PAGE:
This threat is concerning as the global aspects of QAnon conspiracy theories seem to gather supporters from across the globe through the Internet. The hashtags #QANONWORLDWIDE and #WWG1WGAWORLDWIDE on Twitter are used in a considerable amount of tweets and the former became increasingly popular over the past two months. Other hashtags identifying as local national branches of the movement, such as #QanonFrance, #QAnonUK, #AussieQ or #QAnonGermany are also present in large numbers of tweets, sometimes accompanied by the hashtag #QArmy. Followers from all over the world post videos of themselves saying QAnon mottos from their home countries, such as this British family or this man from Queensland, Australia. The pro-QAnon Twitter account Eye Drop Media, which counts with 32.2 thousands followers, posted a montage viewed 358.6 thousands times gathering dozens of similar videos in a dramatic set-up, blended with extracts of an interview of British conspiracy theorist David Icke. On Facebook, a French-speaking QAnon page has more than 25,000 members, among whom about 3600 subscribed in the month prior to the time of writing. French and Italian QAnon websites surfaced on the Internet as well. It is hard to evaluate in this article the real scale of the movement’s online internationalisation, and further research is needed to grasp its nature, extent and impact. It is however important to note that the above-mentioned examples illustrate that QAnon’s ideas are intelligible for non-US audiences and followers across the world may be tempted to act against what they perceive as local representative of the alleged global cabal promoted by Q.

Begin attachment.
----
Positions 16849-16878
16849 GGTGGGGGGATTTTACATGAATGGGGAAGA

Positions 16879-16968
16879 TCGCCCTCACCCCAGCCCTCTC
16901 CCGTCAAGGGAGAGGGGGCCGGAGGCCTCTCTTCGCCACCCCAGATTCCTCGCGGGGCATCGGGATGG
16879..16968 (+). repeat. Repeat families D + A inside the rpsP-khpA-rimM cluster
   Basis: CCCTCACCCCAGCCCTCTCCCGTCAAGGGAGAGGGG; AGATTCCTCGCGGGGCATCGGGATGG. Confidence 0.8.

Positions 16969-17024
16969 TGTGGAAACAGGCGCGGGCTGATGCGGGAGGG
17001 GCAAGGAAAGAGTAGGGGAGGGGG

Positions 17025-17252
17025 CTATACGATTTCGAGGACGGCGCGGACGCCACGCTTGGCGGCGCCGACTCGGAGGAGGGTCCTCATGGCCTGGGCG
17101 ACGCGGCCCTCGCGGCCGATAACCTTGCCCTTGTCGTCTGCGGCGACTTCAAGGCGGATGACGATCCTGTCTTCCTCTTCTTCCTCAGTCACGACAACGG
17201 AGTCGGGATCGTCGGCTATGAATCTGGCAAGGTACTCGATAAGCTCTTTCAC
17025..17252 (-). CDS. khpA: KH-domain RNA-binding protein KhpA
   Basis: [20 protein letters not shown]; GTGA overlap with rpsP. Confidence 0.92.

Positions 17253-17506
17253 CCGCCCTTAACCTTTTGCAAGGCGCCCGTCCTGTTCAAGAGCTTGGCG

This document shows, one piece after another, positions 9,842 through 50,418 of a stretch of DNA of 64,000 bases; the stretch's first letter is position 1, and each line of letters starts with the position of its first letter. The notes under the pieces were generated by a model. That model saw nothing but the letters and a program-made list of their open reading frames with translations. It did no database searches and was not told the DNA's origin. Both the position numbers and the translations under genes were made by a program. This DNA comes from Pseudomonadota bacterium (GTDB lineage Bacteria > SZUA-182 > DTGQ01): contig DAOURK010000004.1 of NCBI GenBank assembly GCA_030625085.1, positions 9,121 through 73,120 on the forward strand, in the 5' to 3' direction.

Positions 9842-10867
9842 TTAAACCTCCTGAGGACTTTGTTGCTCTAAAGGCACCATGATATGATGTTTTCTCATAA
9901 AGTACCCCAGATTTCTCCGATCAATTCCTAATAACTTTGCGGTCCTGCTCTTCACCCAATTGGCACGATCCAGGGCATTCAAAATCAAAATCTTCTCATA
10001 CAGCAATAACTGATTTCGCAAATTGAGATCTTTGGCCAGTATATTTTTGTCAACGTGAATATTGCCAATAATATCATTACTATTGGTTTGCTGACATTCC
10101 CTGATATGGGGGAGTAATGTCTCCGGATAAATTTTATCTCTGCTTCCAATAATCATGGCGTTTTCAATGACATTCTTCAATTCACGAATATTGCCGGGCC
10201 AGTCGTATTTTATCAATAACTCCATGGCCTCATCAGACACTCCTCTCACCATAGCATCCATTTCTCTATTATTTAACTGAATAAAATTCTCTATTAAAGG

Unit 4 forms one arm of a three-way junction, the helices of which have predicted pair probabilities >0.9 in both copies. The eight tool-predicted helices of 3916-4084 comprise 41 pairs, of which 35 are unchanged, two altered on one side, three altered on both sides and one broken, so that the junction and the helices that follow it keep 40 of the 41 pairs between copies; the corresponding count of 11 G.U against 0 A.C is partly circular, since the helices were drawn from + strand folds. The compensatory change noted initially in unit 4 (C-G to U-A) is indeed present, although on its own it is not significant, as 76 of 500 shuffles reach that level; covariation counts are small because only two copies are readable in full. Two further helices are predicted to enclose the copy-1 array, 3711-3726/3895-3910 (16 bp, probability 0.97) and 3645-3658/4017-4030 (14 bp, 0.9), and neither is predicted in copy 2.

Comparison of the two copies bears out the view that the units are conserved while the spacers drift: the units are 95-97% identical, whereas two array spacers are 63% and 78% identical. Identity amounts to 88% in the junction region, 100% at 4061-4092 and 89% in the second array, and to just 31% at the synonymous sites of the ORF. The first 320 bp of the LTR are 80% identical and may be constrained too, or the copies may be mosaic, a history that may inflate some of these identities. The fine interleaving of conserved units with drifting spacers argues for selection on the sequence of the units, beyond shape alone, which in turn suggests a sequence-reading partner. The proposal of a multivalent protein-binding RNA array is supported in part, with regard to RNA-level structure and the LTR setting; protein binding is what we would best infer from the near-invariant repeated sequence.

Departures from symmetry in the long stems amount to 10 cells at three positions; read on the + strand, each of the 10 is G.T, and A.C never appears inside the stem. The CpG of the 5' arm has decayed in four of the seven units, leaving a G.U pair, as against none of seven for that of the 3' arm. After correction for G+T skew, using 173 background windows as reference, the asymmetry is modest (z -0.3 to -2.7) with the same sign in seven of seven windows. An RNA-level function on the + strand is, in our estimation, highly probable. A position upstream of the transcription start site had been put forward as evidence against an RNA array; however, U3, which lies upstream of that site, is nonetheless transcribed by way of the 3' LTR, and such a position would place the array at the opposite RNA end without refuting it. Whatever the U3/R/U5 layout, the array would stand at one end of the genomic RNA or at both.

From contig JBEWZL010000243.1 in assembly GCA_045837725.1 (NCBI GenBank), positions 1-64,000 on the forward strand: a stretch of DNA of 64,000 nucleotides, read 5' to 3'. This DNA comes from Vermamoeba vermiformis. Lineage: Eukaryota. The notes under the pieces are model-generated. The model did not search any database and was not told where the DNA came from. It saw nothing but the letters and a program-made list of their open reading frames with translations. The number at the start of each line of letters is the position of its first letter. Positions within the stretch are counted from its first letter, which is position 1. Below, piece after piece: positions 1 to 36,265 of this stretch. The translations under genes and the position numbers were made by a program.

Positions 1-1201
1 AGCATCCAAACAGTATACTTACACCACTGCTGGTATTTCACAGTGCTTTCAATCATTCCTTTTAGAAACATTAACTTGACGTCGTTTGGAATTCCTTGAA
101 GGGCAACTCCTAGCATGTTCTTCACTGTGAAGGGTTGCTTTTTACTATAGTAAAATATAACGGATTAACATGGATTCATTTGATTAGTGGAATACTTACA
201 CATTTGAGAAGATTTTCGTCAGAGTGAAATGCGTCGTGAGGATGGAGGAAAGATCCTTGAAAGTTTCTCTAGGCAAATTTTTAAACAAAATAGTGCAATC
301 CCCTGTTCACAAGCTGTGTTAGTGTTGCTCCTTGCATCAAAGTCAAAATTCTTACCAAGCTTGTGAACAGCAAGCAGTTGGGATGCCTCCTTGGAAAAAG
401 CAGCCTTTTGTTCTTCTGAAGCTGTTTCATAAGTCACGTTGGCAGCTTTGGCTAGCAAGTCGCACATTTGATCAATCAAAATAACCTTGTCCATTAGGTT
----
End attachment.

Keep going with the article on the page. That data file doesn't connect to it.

Increased fanaticism and unconditional belief in QAnon conspiracy theories may lead to the use of higher levels of violence among radicalised members willing to take matters into their hands and fight what they perceive as an injustice. As the recent demonstrations in Germany illustrate, the movement is growing and seems to be gaining support outside of the US, extending the threat to foreign countries. Reddit, Facebook and Google took action against QAnon, impeding the movement’s presence on their platforms. However, it is essential to keep looking for efficient ways to combat Q’s narrative across the Internet before more violence emerges.